PdV, Sulzer to swap refinery work for products

  • Market: Crude oil, Oil products, Petroleum coke
  • 14/08/19

Venezuelan state-owned PdV is preparing to sign a barter agreement with Swiss contractor Sulzer to repair its refineries in exchange for the supply of fuel oil, asphalt and petroleum coke, according to presidential palace, oil ministry and PdV officials in Venezuela.

The pending agreement is PdV's second such arrangement in recent weeks with contractors based or partly based in China and Russia, the embattled Venezuelan government's two leading international patrons.

PdV has a nominal 1.3mn b/d of refining capacity in Venezuela, but almost all of it is inoperable because of years of underinvestment and a lack of spare parts and feedstock.

Under the planned contract, Sulzer would work alongside Chinese contractor Wison Engineering, which signed a separate downstream barter agreement with PdV at the end of July.

Sulzer's office in Switzerland did not immediately reply to a request for comment. An official in the company's Bogota office said the firm could not work in Venezuela from the Colombian affiliate because of US sanctions.

The contractors are expected to prioritize repair of the 940,000 b/d CRP refining complex, once considered a world-class downstream complex. The facility, located on the Paraguana peninsula in Falcon state, consists of the 635,000 b/d Amuay and nearby 305,000 b/d Cardon refineries.

Russian group Renova holds a minority 48.83pc stake in Sulzer since April 2018.

Moscow and Beijing continue to recognize Venezuelan president Nicolas Maduro as the Opec country's legitimate head of state. Washington and most western countries recognize opposition leader Juan Guaido as Venezuela's interim president in place of Maduro.

The barter deals are aimed at recovering PdV's capacity to produce motor fuel and other refined products that have been in short supply across Venezuela for months. The fuel deficit has been aggravated by US financial and oil sanctions that have cut off US supply of products to Venezuela and US purchases of Venezuelan crude. Before the oil sanctions were imposed in late January, the US had been the largest products supplier to Venezuela and the largest market for the country's heavy crude. Almost all of Venezuelan crude exports are now going to China and India.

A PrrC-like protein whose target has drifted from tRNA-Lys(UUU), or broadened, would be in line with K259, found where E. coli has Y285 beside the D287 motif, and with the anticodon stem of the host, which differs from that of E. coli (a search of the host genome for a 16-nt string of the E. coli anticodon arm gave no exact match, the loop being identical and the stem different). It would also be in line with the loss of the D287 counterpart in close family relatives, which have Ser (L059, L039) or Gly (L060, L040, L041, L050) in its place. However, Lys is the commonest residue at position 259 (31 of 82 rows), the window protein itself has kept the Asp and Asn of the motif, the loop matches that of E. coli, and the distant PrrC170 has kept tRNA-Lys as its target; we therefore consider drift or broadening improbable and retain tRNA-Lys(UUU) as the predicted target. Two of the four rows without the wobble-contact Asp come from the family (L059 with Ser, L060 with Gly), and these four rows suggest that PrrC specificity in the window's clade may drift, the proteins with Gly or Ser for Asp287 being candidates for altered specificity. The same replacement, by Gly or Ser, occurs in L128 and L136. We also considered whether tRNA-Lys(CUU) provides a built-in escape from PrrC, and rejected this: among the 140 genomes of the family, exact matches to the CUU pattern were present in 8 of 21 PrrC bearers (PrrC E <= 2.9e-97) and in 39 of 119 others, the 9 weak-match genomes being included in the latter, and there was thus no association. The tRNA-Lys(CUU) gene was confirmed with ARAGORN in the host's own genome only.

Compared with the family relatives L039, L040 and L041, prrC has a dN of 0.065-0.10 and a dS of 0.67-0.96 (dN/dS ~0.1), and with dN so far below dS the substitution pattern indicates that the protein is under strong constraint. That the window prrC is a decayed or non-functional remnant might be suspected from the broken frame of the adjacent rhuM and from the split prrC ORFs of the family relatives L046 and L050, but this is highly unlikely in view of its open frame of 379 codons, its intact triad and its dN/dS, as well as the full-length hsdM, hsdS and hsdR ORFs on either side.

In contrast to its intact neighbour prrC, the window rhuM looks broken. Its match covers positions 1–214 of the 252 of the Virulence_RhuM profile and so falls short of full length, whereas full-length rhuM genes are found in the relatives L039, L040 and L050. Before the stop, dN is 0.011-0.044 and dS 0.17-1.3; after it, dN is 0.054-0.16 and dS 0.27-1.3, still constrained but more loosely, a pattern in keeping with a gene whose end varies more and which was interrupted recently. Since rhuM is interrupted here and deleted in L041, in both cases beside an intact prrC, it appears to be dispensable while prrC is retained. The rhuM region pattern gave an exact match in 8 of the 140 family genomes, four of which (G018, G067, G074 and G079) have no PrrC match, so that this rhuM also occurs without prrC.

Current gasoline production of roughly 40,000 b/d at the CRP is supplemented by Russian suppliers providing about 25,000 b/d of finished gasoline imports, two oil union officials told Argus.

Venezuela has nameplate capacity to produce around 250,000 b/d of gasoline.

Sulzer will repair crude distillation units and industrial services infrastructure including electricity, water and steam.

Wison will repair fluidized catalytic crackers, a flexicoker at Amuay, hydrodesulfurization units, distillation towers and other equipment.

Sulzer and Wison also will repair the 140,000 b/d El Palito refinery in Carabobo state, which has been shut down since 2017, to restart its catalytic cracker, distillation units and industrial services infrastructure.

Wison, which already has a upgrade contract for the 190,000 b/d Puerto La Cruz refinery with Korean firm Hyundai Engineering since 2013, has also agreed to accelerate efforts to complete the long-delayed expansion which now costs over $8bn, the ministry and palace officials said.


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